SANTA CLARA, Calif. – Snatching a draw from the jaws of defeat.
It doesn’t exactly roll right off the tongue, but come October, if the Earthquakes are playing postseason soccer, they may look back to Wednesday night’s game against Columbus as a big, big turning point.
A tired Quakes unit was 11 minutes away from a second straight home loss and probably having to answer questions about whether their remarkable 5-2-1 start was for real. Columbus pulled ahead late on Chad Marshall’s header in the 69th minute, and it appeared the Eastern Conference leaders were poised to avenge their first loss of the season last weekend.
But then the Quakes showed why they’re a different team now than the doormat they’ve been for the last two seasons. They kept pushing and finally found the equalizer through – who else? – the very symbol of their turnaround. Chris Wondolowski headed in his sixth goal of the year in the 79th to snatch a 2-2 draw for San Jose.
“My eyes were pretty big,” said Wondolowski of the ball heading his way in the goalmouth. “I’m sure the people in the crowd could see how big [my eyes] were.”
On the fixture list, it was still just a draw. But it was also a draw against one of the best teams in the league, one that was highly motivated for a rebound of its own. And the Quakes responded with aplomb.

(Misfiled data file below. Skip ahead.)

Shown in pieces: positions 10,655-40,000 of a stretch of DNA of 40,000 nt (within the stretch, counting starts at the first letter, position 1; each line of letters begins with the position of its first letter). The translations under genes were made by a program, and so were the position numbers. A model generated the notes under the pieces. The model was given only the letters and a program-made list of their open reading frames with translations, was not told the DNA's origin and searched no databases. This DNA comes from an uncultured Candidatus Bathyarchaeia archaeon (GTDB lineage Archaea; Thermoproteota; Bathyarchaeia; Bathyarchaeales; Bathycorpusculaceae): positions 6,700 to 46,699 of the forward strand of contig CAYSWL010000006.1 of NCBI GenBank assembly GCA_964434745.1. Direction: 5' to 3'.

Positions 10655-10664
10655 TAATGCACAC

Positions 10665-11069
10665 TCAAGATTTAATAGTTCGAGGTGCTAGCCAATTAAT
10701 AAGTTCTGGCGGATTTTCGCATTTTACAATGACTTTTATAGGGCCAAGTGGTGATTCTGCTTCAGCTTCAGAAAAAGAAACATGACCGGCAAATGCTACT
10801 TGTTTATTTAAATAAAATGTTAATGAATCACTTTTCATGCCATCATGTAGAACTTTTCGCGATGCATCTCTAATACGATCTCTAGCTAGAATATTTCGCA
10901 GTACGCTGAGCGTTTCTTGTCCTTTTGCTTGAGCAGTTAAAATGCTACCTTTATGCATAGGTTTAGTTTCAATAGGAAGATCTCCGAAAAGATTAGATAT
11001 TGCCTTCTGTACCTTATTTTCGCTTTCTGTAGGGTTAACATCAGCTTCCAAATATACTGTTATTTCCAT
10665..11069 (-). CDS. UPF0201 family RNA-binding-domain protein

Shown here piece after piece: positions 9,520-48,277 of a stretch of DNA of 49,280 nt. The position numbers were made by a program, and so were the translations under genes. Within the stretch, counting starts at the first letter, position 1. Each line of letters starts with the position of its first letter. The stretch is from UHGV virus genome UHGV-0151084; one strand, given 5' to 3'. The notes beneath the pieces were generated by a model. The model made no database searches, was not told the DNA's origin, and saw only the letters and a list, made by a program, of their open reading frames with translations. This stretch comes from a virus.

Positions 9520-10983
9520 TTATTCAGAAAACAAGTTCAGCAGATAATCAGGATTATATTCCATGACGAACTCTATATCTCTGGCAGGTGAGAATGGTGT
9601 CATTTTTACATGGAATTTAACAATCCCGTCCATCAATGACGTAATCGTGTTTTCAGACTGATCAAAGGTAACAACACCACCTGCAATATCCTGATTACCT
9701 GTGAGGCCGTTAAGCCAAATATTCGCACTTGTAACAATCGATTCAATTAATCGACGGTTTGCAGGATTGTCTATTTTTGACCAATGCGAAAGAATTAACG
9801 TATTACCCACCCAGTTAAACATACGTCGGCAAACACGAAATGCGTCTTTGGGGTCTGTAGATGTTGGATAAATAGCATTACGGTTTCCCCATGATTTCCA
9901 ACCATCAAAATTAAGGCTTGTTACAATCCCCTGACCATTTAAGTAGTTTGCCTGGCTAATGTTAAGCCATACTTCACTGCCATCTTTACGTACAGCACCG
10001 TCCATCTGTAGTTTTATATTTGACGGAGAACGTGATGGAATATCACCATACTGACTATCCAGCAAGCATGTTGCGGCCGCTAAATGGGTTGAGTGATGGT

“We would have lost that last year, definitely,” said head coach Frank Yallop. “They’d have beat us 3-2, 2-1. But the team doesn’t want to lose.”
The difference in San Jose this season is palpable: They don’t put their heads down after a loss and they believe they’ve got the ability to pull out results. That’s led to some hard-fought points so far this season, like a crusher over New York or a tight 1-0 win in Seattle. That mentality is what proves they’re maturing every game.
Even this past weekend, when Toronto came into Buck Shaw and ran out 3-1 winners, the Quakes looked around the locker room and knew they could do better. They didn’t get the win Wednesday night against Columbus, but fighting back against a motivated opponent – who dominated stretches of the game – and earning a point says an awful lot about their character.
“That’s a huge point for us,” said goalkeeper Joe Cannon. “[Columbus are] a really good team; give them a lot of credit. I can’t say enough about the fight that our guys brought. We easily could have dropped our heads like we did the other night [against Toronto].”
Of course, October is a long, long way away. But as we’ve seen in recent years, mere points make the difference in making the playoffs or watching them on TV. And the Quakes are still very much a work in progress in their transformation into a contender.
“We have a lot of veterans on this team,” said Wondolowski. “But that being said, we have a lot to learn. We try to learn each week from our mistakes and our positives.”
When the Quakes look back at their season, they know this was a game that could be a difference-maker. They’re not playing terrific soccer right now, but you don’t have the same old Quakes to push around anymore.